Freighter Runs Aground in Galapagos

No threat for now

Ecuadorean soldiers (left) help civilians workers to retrieve oil from the tanker Jessica, which ran aground off San Cristóbal in 2001. (Dolores Ochoa/Associated Press)
Photo: Dolores Ochoa/Associated Press OutsideOnline Galapagos islands oil spill tanker freighter Jessica 2001 San Cristóbal 2014 Ecuador Ecuadorean threat direct rocks swing puncture fuel crude diesel cargo hole

An Ecuadorean freighter carrying 16,000 gallons of fuel ran aground in Shipwreck Bay on the coast of San Cristobal, Galapagos Islands, on Friday.

"For the moment," the freighter* does not pose a direct threat to one of the richest ecosystems of biodiversity in the world, Agence France-Presse reported.

Divers confirmed that the freighter's stern, the portion perched on the rocky seabed, is far enough away from the fuel tanks still on board—again, for now.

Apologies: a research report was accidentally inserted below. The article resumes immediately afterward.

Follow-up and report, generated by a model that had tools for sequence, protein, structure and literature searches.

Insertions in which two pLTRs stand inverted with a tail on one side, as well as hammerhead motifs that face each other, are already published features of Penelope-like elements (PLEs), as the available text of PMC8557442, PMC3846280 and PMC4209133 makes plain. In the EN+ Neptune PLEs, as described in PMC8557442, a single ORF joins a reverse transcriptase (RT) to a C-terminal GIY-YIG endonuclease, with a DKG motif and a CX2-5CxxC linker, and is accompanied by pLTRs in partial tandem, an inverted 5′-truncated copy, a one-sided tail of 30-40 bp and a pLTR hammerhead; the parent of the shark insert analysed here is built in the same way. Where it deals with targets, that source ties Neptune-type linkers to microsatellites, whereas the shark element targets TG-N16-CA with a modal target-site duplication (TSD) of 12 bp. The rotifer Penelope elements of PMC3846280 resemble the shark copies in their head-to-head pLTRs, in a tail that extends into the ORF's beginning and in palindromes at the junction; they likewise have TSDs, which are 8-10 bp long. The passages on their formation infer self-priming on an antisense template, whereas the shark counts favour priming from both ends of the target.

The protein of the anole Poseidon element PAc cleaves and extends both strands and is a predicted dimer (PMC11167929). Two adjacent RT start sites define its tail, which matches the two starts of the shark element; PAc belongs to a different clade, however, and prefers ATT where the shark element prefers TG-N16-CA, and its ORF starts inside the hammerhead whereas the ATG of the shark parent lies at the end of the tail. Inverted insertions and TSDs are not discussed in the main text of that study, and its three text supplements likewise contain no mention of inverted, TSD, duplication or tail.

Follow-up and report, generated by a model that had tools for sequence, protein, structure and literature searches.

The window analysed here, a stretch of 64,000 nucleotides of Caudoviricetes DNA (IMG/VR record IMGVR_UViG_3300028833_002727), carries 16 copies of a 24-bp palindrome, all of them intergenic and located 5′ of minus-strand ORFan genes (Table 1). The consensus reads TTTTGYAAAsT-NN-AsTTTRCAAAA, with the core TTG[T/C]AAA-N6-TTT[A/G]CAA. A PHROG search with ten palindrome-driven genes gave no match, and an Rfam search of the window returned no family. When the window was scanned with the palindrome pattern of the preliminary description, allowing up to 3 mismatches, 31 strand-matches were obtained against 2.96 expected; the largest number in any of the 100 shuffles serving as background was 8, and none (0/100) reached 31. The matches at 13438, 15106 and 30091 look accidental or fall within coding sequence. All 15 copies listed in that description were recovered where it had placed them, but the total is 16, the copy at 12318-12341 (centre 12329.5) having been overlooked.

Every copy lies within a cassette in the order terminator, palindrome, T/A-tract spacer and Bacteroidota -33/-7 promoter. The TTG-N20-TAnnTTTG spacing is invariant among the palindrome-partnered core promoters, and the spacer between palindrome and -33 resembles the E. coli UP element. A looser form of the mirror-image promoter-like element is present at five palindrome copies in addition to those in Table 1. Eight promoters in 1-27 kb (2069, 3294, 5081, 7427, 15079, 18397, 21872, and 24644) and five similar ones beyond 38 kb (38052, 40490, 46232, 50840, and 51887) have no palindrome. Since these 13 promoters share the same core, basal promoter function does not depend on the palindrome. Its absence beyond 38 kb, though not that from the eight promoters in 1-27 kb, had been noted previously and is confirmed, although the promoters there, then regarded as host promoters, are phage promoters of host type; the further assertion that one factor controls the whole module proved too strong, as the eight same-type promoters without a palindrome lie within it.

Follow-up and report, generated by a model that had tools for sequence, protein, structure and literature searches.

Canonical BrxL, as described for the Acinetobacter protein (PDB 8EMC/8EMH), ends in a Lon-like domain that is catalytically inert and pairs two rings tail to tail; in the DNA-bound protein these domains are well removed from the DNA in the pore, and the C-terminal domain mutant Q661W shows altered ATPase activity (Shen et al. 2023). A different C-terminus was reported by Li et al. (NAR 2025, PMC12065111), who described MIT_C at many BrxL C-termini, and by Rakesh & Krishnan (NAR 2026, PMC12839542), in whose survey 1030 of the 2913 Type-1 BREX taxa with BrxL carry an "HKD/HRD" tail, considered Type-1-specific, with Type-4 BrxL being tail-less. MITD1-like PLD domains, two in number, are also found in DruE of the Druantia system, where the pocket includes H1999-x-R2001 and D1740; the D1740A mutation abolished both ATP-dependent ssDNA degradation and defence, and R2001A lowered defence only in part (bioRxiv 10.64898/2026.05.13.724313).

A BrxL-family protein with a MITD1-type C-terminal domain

But a major ebb tide and subsequent swell in sea level could swing the ship straight into the rocks. Workers with the Comité de Operaciones de Emergencia (San Cristobal) are currently offloading 2,500 gallons of diesel fuel and 1,100 tons of cargo, but if they move too quickly, the ship could pop up and swing into the rocks, puncturing its side and spilling whatever is left on board.

The Galapagos National Park Service drew up a contingency plan over the weekend in hopes to contain another Jessica spill.

*In a previous version of the story, the term "oil tanker" was incorrectly used.

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